It was 3:30 pm when they left for Vivanta from the airport. If everything had fallen in place since morning, then Namrata would have been beaming, beaming at the prospect of the 20 km uphill drive to reach their decadent accommodation that happens to be nestled in the Zabrawan moutain range and offers picturesque views of the Dal Lake. But she was nowhere close to beaming. She was grumpy and the prospect of an hour long drive before she could sink in the bed added more to her exhaustion. Not once in the cab did she glance in Pranav’s direction, she simply looked out the window as if calling for assistance from nature to soothe her. However, not once in the cab did Pranav take his eyes off of her, as if calling out to her to let him soothe her. Somewhere along the drive, Pranav slipped his hand beneath her elbow to wrap it around her waist. She steered in his direction slightly and partially allowed her body to rest against his shoulder. When the serene view was complemented with the warmth of his embrace, it was only then that her world began to fall in place.
When the door had first opened to their room, Namrata could see it for the beauty it was. However, she knew she could appreciate it completely only once she took a bath so that she could cleanse her mind and body of the memory of the unpleasant morning. She removed her sneakers, stepped inside the bathroom, undressed, turned the shower on and stood beneath it. Pranav followed her inside, undressed and stood behind her. He took her in his hold, gentle yet firm at the same time. This was not about imposing him on her, this was about letting their bodies brush against each other, about caressing her hair and about kissing her neck softly. This was about bringing her to peace again.
She slipped into a comfortable pair of breezy pajamas and a t shirt and he into a pair of boxers and vest. They hopped onto the bed, he snuggled her closer and she rest her head on his arm. She told him that if their room had a bathtub they could recreate that scene from Pretty Woman where Edward and Vivian bathe and talk in the bath tub together. He laughed and cheekily replied that the hotel does have a piano so their hopes of recreating Pretty Woman have not been completely lost. He proposed perching her on top of the piano and making love to her beautifully. She poked her elbow into his ribs, his body jerked off the bed slightly, he coughed, she laughed, he laughed along as if her laughter was infectious and then they laughed relentlessly. For whatever was left of the day, they did not have a desire to step out of the room or the bed even. At some point, there was a Mediterranean Pizza and Greek Salad and wine and at all points there were conversations and laughter. That day was being snuggled in the warmth of their affection and in that day all else seemed no more than a blur.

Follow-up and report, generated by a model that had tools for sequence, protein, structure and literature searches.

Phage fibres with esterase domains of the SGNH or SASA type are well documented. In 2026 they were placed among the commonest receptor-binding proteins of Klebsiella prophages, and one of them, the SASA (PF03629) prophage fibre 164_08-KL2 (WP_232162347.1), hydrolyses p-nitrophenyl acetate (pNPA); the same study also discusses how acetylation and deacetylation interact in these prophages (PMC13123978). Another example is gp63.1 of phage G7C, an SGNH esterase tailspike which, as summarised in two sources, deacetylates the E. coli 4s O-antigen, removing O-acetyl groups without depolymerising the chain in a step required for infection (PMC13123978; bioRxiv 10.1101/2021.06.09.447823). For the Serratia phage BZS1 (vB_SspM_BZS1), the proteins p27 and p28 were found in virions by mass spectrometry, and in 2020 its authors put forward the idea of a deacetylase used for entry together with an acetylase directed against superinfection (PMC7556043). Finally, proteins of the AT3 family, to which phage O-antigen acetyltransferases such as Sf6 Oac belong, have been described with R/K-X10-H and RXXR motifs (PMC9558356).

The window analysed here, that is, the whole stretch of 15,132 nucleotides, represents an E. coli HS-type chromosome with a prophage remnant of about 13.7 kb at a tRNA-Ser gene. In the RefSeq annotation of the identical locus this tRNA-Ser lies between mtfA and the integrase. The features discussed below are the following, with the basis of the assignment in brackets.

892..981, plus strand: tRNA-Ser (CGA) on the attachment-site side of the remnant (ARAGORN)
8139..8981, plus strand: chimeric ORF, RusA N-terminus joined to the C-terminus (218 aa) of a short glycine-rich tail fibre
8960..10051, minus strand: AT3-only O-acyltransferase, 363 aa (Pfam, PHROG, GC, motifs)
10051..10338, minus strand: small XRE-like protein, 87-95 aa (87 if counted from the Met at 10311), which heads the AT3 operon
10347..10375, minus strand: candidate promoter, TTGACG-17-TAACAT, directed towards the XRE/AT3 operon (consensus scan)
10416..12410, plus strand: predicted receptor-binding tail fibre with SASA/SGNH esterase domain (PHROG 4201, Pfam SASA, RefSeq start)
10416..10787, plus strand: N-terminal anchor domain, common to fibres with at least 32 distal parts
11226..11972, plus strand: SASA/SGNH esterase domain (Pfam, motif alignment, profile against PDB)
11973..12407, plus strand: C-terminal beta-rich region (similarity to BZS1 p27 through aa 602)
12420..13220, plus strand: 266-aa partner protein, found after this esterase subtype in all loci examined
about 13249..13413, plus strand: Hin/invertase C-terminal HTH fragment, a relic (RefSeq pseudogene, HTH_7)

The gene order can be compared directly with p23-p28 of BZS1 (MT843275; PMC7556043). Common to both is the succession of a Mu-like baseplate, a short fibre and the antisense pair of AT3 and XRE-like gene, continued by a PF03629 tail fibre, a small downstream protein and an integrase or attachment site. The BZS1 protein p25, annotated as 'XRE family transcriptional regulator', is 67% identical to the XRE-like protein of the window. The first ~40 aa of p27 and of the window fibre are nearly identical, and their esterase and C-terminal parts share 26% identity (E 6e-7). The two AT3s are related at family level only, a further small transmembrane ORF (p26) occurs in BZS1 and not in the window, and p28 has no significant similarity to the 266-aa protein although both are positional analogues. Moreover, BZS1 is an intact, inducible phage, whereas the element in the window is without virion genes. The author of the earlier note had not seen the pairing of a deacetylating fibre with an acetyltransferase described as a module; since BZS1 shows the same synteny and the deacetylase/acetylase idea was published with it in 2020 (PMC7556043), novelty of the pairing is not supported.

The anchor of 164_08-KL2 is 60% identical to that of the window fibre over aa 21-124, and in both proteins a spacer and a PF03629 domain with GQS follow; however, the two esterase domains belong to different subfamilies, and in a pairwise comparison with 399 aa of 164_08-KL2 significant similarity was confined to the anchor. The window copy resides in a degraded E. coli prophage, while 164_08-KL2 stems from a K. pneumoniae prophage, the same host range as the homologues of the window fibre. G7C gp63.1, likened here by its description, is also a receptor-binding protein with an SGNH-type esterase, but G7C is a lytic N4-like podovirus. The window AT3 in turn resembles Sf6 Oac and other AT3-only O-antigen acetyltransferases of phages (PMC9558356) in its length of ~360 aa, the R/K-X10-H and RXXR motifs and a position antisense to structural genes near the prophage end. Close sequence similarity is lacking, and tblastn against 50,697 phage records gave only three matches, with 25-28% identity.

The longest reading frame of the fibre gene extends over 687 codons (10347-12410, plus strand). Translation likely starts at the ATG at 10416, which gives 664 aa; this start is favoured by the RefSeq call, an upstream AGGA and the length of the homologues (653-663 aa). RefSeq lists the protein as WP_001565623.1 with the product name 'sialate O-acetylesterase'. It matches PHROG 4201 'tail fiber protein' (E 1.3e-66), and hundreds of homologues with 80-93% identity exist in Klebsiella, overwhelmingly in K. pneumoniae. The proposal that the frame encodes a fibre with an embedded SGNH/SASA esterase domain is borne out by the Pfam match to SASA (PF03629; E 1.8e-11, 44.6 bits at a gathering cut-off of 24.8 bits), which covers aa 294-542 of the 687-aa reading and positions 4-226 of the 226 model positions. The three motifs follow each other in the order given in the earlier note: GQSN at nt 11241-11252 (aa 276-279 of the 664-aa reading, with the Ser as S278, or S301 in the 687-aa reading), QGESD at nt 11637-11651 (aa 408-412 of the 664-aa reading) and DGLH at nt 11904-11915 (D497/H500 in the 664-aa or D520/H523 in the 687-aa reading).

It was 4 am when Pranav’s Fitbit had begun to vibrate slowly to put him out of sleep. It took a brief moment for the strangeness of his surroundings and his proximity to Namrata to sink in. He is more accustomed to waking up in solitude, waking up to find himself laid in the beige couch in the study, waking up to a tiny cheek rash from the couch’s fabric itching mildly, waking up to the feeling of soreness persisting in his body. He takes another moment to wrap his head around what had he just dreamed about, of being able to ‘talk’ and ‘laugh’ and ‘be in love’ with Namrata again. It had been months since Pranav had last longed for her touch. So it was eerie to have imagined in sleep a world where he could embrace her again. Because in the real world they had not even shared an eye lock since landing in Srinagar; she had hit the showers and slept while reading; he had bathed and then read her book as she slept and somehow succumbed to sleep himself. Maybe it was the undoing of having her lay so close to him in the bed, of feeling her breath in union with his. He tossed out of the bed, walked out to the balcony and lit a cigarette. The darkness of the night and the faint glow of the golden chinar reflected in the clear aqua of the Dal Lake. It felt as if the breathtaking sight before him deserved a much deeper moment to sink than all the ones that he has had since waking up.
As he inhaled the bout of smoke into his lungs, he thought of the Pranav in the dream. The next morning Pranav would have woken up to an inordinate desire to recreate the panoramic view of the Dal from where he stood, go on to reproduce it with Charcoal on as many sheets as it took before he could perfect the skill of tracing the brilliance and rawness of nature. For the next five years, Pranav would have arduously worked towards the pursuit of his passion. Unlike the present Pranav he would not have taken the bait of increment after increment that was thrown at him to keep him lured to his job. He would have not sacrificed his individuality, his liberty and the choices at his disposal to shield his ego, his status and his financial footing.
What did he want for to define his life, one may ask. What does it matter, he replies. All that matters is the contrast that has come to define his life, the contrast of what he sought his life to be and what has he made his life to be.